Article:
Halachic Organ donor Society, P.O. box 693, New York, NY 10108-0693, Phone: 212-213-5087, Email: admin@hods.org

Brain Death

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Brain Death

Background

Organs for donation are usually taken from a person whose heart is still beating and was declared dead because the patient’s brain had died.  Some Rabbis, however, view a beating heart as a sign of life (and prohibit removing organs) while other Rabbis do not deem a beating heart sufficient for life (requiring brain function and autonomous) and therefore allow donation from a brain dead patient.

The Halachic Organ Donor Society recognizes this debate and encourages organ donation at either stage by offering a unique organ donor card that allows a person to choose donation at brain death or alternatively at cessation of heartbeat.

From a medical perspective, however, it is difficult to recover organs after cardiac death.  In addition, the heart and lungs cannot be recovered once the heart dies. Therefore the decision about when to donate is significant.  It is important to understand what brain death is from a medical perspective before applying halacha.  Click here to watch a half hour video explaining brain-stem death.

What is Brain-Stem Death?

Medical Status:

The brain consists of the brain-stem (the top of the spinal chord) and the larger part of the brain called the cortex which covers the brain-stem. The brain-stem controls many neurological functions, the most important one being breathing. A person who suffers a severe head trauma, typically has swelling of the brain. The increased internal pressure in the skull (ICP: Intra-Cranial Pressure) does not allow blood to flow into the cranium resulting in oxygen deprivation for the brain. Brain cells, extremely sensitive to oxygen loss, begin to die and liquefy (lysis).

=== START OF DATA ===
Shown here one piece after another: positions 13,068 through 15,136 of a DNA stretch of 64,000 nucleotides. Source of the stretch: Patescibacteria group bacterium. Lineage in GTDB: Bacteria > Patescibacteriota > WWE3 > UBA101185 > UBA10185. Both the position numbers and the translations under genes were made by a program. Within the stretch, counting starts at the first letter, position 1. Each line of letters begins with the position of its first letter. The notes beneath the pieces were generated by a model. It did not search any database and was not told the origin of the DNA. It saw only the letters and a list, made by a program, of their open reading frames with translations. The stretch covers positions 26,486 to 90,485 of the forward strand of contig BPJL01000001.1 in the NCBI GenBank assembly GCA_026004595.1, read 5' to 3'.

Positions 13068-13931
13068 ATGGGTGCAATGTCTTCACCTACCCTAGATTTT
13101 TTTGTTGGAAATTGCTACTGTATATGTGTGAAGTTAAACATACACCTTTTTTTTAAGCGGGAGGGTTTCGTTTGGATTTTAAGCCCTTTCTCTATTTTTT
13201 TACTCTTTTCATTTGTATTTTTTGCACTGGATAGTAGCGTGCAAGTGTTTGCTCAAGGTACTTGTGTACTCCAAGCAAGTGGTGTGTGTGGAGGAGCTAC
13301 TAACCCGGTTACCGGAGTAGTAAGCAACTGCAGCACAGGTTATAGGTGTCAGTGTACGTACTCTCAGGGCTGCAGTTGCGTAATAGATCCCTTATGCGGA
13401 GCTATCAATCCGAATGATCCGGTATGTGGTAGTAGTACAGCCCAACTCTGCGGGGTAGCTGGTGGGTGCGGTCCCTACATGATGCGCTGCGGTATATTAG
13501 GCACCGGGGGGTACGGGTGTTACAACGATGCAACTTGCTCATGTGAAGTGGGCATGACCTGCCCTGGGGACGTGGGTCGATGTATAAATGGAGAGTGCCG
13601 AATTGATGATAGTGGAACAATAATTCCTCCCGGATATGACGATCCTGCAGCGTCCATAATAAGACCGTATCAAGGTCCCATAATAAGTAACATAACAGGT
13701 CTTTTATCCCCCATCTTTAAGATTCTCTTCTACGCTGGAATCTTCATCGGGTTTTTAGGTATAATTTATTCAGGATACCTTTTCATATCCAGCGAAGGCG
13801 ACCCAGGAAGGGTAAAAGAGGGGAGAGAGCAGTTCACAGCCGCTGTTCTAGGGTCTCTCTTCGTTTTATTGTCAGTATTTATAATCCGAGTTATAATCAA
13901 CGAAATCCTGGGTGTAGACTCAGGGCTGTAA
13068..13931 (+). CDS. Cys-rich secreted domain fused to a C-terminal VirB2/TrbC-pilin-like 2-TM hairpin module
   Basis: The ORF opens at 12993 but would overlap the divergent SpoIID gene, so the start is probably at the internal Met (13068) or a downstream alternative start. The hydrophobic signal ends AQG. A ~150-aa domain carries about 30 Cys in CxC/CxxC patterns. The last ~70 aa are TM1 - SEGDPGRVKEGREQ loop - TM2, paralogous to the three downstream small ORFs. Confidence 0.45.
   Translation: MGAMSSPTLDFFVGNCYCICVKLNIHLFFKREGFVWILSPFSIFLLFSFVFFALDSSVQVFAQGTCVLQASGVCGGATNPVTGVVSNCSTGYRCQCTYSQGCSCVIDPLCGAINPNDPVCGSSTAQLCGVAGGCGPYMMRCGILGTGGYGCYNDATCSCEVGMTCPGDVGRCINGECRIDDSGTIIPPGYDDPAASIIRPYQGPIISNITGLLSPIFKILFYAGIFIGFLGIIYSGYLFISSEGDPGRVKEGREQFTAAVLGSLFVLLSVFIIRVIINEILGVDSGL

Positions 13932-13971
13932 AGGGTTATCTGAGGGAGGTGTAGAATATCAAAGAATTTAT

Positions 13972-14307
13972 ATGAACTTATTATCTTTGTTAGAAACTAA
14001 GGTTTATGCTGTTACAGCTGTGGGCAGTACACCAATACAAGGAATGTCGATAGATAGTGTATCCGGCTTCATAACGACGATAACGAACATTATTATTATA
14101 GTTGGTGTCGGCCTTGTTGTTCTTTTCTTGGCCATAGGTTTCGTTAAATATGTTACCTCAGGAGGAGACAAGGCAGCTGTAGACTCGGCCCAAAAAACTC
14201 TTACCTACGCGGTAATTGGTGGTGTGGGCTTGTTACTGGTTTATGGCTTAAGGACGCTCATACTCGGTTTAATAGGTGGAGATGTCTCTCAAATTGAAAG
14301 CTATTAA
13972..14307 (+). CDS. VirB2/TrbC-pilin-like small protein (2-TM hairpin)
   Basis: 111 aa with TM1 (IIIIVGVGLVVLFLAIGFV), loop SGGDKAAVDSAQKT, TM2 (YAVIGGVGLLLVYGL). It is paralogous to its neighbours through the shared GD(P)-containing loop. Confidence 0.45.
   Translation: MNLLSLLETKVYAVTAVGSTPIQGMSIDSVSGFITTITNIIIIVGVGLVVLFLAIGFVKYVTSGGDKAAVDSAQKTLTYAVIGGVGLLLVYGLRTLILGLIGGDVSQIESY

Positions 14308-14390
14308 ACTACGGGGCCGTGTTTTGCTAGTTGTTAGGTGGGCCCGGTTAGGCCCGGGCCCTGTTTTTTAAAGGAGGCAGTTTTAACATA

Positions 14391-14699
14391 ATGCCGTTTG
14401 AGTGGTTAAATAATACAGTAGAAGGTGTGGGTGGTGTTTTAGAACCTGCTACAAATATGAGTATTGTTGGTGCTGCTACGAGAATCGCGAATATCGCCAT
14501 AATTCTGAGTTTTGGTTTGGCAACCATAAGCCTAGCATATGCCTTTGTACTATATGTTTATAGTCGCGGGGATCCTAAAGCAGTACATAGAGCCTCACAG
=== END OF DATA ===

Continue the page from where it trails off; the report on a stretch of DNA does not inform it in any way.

A non-functioning brain-stem means the person is unconscious, cannot breathe on his or her own, and within a few minutes the heart will stop pumping (because it is deprived of oxygen.) With the invention of the respirator, however, it has become possible to keep artificially oxygenated blood circulating allowing the heart and other organs to continue functioning for another few days or even weeks.

No one, however, has ever “woken up” from brain-stem death. It is irreversible and ultimately there is complete systemic failure, including the heart. The reason why BSD is irreversible is because from the onset of brain-stem death, the brain begins to liquefy (lysis).

The American Academy of Neurology criteria were changed in response to the observation that there was no recovery after just one exam that determined brain death, and that two exams were not necessary.  A study published in January, 2011 showed that of 1,229 adult and 82 pediatric patients diagnosed as brain dead on a first neurological examination, the number who were not diagnosed as brain dead on a second examination was zero.  (See report.)